1. 'WINTER ROBINS' ARE A THING
While we may associate robins with spring, it turns out some of them don't mind the snow.
"Over the past few decades, more and more robins are adopting a non-migratory strategy, and they're migrating less than 100 kilometres," Kerrie Wilcox of Birds Canada told us earlier this year.
Wilcox manages a program called Project FeederWatch, where people count the birds in their backyards and report the findings online.
Between November and April 2021, members documented robins at 59 per cent of Ontario sites.
"That's way up from 27 per cent in our first season in 1989. Winter robins are also on an upward trend in all regions of Canada," she says.
Photo submitted to The Weather Network by Raymond Barlow.
2. ROBINS FLOCK TOGETHER (SOMETIMES)
Robins change their behaviour in the winter. The typically territorial birds will become more social, flocking together to make it easier to find food and spot predators.
"In winter, flocks of robins spend the night together," Kerrie says.
"Sometimes they can be in flocks of a quarter million, in areas like Florida and Texas."
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3. EGG COLOUR MATTERS
Photo submitted to The Weather Network by Amanda Duncan.
Robins are known for their beautiful eggs, which are bright blue due to a pigment called biliverdin, which is transferred to the eggshell when females lay their eggs.
"Male robins take careful note of the colour of the eggs their mate lays," Kerrie says.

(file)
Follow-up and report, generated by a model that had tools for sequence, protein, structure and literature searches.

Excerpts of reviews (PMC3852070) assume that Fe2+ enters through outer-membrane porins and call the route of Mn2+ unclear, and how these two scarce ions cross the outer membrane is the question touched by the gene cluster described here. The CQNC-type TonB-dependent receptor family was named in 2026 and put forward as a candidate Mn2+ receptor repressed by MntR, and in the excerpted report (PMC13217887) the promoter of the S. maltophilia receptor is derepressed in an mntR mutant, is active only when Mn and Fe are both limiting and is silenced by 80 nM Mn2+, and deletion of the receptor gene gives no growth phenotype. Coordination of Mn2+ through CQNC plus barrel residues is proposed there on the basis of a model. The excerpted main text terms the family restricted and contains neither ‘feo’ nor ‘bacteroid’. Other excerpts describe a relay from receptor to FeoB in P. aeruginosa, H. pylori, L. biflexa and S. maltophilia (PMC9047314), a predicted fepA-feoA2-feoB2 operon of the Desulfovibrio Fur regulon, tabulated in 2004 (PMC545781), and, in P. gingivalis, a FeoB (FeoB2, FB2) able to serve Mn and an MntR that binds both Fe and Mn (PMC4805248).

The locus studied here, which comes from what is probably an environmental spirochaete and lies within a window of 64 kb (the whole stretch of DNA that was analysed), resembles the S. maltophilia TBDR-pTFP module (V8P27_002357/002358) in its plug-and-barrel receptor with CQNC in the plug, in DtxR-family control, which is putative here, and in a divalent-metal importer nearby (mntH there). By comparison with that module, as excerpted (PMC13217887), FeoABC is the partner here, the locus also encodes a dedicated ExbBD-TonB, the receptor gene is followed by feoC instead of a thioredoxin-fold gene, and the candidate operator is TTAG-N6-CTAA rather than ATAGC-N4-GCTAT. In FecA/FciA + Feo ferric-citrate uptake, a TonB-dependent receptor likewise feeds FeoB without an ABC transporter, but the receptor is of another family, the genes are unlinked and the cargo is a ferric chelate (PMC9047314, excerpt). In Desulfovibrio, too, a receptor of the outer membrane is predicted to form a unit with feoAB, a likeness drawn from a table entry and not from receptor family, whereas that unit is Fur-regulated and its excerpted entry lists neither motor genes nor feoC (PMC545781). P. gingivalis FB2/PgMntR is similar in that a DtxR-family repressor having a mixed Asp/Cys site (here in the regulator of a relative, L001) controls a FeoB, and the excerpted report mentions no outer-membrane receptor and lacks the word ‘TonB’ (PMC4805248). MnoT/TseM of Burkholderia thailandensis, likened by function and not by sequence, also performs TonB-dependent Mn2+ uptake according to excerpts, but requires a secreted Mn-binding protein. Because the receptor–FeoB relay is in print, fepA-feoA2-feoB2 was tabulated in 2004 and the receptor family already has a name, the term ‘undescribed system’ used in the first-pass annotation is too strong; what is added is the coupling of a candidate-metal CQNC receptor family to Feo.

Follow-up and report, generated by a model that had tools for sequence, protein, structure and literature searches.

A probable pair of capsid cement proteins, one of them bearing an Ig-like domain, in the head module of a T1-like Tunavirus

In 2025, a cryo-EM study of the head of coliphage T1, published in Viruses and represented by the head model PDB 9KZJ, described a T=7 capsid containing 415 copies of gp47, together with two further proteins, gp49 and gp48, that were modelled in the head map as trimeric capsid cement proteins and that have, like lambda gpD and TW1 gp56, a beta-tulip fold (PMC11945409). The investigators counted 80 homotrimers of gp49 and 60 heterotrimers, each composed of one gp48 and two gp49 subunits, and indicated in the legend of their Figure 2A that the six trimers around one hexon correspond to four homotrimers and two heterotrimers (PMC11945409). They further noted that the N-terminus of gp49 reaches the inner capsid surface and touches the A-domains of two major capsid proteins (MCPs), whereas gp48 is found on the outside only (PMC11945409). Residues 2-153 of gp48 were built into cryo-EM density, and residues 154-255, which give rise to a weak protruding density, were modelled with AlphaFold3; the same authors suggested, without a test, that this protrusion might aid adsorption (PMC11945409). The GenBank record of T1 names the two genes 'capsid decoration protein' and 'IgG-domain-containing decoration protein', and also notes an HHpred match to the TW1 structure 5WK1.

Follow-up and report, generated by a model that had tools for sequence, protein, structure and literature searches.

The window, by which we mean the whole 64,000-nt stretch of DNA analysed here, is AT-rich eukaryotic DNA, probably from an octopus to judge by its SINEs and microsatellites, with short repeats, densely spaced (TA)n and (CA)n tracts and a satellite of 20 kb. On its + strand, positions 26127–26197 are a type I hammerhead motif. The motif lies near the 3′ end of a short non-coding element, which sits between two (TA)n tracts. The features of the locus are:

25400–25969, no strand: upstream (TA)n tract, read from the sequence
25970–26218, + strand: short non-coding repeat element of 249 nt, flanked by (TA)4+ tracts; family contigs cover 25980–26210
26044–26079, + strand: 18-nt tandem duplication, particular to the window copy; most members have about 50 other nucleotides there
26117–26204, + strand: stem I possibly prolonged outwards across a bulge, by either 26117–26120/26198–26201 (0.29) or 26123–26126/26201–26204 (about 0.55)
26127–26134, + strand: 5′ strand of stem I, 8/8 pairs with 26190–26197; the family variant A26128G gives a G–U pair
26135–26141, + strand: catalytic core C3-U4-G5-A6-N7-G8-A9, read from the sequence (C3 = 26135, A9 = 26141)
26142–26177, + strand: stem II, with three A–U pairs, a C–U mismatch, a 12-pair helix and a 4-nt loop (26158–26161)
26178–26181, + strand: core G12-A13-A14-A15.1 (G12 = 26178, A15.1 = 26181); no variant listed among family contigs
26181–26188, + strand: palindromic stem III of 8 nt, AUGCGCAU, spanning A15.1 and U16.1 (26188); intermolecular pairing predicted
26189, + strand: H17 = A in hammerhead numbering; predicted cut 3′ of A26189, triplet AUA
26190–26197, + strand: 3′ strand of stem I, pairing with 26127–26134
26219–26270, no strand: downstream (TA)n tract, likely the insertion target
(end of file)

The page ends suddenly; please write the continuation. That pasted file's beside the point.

"The brightness of the blue signals the quality of the egg."
A vibrant colour indicates the egg is healthy and likely has a healthy chick inside.
"Studies show that the males pay more attention to their nest if they've got bright blue eggs. And they'll spend more time feeding the chicks, And they'll defend the nest more vigorously."
Photo submitted to The Weather Network by Ed Fu.
4. NESTS TAKE A LOT OF WORK
Robin's nests are made out of mud, grass, twigs, and anything else the birds can get their beaks on - including pieces of cloth and paper. It takes between two to six days to construct a nest. During that time, a female can make up to 180 trips a day, transporting building materials.
5. THERE ARE AMERICAN AND EUROPEAN ROBINS
A European robin. (Getty Images Signature/Canva)
Robins are common in Canada and Europe, but the robins that live across the pond are different from the ones we see in North America.
"The robin that we have in North America is the American robin," Jackson Kusack, a Ph.D. candidate in the Department of Biology at Western University, told The Weather Network.
"It got its name from a European species, the European robin. Their names are similar mainly because they're kind of similar in terms of colour, they share this kind of reddish breast."
But that's where the similarities end, Kusack says.
The American robin is a thrush - and has social tendencies during winter.
Meanwhile, the European robin is a flycatcher, and it remains solitary year-round.
Here's a bonus fact: You can tell male and female robins apart. Male American robins have dark heads. Their backs and heads are redder, while female colours are more subdued and brown.
Thumbnail image: Custom graphic by Cheryl Santa Maria. Robin images (L-R): bcreigh/Getty Images, Lepoardinatree/Getty Images Signature, Canva Pro.